This month the Guardian has started a fascinating experiment whereby every single day it will release a Google Doc of the stories its journalists are writing. The aim is to encourage readers to get in touch if they have something to add or if they want to make a comment for inclusion.
Think forward features lists for the digital age!
In the increasingly real-time, news-fuelled world in which we live, the old practice of drawing up feature synopses months in advance doesn’t really hold sway and many publications are largely ignoring the practice.
So when it comes to journalist relations, most PR professionals will be getting in touch with journalists directly to catch up on what they are writing, following them on Twitter to identify areas in which they show interest and, of course, proactively suggesting ideas for topical articles and opinion pieces.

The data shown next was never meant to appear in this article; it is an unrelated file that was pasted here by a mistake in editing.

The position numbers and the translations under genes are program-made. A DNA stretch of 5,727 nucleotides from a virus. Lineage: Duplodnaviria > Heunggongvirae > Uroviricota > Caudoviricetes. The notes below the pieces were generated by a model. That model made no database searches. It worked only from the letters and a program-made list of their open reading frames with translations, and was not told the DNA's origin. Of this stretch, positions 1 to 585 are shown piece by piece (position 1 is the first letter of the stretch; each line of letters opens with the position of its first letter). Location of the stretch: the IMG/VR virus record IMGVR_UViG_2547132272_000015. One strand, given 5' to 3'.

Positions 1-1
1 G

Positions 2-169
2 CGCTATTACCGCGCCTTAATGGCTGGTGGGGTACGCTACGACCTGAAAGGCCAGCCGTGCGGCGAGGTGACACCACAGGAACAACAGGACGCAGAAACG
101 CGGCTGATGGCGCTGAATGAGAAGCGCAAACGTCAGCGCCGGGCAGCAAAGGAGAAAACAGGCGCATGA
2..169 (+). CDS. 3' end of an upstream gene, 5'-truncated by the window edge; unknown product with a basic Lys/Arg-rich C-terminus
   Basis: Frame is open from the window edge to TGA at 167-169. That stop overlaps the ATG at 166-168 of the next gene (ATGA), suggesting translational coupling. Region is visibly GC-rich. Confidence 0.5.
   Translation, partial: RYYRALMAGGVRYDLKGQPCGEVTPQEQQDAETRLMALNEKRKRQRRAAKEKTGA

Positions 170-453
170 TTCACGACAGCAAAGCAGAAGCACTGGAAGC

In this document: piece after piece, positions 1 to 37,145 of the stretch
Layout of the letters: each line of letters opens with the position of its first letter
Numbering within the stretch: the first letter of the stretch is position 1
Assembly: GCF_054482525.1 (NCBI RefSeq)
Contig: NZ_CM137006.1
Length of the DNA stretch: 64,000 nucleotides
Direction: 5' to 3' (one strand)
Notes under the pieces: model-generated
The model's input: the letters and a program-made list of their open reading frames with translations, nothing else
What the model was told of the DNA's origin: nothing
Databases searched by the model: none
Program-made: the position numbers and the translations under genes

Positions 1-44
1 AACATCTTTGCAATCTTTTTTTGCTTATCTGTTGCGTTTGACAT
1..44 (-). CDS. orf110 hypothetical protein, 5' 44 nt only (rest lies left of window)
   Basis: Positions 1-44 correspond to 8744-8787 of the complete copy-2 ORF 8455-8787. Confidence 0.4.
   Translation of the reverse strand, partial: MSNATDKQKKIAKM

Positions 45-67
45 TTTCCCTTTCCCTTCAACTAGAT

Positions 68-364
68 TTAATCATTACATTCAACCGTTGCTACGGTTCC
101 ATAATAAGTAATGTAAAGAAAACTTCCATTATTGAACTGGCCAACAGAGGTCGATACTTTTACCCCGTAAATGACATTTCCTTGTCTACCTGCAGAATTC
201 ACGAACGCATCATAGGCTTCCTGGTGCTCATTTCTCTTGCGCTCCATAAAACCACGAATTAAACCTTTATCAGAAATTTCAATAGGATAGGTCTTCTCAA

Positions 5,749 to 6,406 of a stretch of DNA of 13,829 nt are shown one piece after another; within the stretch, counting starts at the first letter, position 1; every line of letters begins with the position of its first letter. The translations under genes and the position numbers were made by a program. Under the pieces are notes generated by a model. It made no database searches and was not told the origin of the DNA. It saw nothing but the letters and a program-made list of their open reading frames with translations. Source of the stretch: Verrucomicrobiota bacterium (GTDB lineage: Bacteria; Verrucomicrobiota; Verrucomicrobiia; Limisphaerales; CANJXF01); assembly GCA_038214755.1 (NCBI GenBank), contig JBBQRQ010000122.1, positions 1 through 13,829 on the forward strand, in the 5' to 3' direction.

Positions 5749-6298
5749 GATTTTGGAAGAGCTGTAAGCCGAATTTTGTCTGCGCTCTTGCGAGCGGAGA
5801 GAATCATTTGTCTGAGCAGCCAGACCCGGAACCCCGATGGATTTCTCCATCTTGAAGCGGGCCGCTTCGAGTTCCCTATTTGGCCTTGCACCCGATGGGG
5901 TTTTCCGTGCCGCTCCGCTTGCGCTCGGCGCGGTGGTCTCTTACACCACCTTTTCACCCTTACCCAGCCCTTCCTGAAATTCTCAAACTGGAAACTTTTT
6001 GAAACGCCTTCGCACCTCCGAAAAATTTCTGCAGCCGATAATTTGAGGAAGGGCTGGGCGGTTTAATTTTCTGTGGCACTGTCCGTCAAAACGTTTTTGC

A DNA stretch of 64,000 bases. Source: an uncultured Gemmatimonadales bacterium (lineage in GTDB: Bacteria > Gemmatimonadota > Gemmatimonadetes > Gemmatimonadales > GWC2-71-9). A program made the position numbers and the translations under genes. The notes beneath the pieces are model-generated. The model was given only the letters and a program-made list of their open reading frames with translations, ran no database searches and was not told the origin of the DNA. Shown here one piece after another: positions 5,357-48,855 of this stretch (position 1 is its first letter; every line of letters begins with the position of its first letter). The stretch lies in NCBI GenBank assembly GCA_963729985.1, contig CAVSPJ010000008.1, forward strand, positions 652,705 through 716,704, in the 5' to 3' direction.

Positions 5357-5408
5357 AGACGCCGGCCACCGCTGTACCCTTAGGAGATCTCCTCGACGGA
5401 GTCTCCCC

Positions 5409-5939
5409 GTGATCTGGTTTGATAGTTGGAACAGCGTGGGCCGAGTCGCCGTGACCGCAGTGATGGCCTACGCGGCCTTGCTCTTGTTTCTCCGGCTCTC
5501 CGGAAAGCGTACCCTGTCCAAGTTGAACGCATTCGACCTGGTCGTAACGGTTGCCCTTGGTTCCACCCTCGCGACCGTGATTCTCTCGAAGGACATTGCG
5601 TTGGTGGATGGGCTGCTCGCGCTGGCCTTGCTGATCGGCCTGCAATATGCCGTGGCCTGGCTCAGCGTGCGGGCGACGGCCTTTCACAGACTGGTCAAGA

This move by the Guardian just takes things that one step further, as the introductory post states:
“You can tell us what you think of individual stories and suggest lines of inquiry using Twitter by tweeting to the hashtag #opennews. We will retweet a selection in the panel of our tweets opposite. Alternatively, try contacting whichever reporter has been assigned to the story by clicking on the link next to their name and sending them a Twitter message.”
As a side note, it is interesting that Twitter is the chosen communication channel rather than email – something that we are increasingly noting with many of our journalist contacts.
So what does this mean for PR?
I think this is a massively positive step and echoes the ‘democratisation of the media’ trend that has existed since the beginnings of the social web. Social technologies allow journalists to communicate with PRs, readers and experts in new ways both to source stories and supporting comments.
It’ll be interesting to see whether other publishers start to follow suit.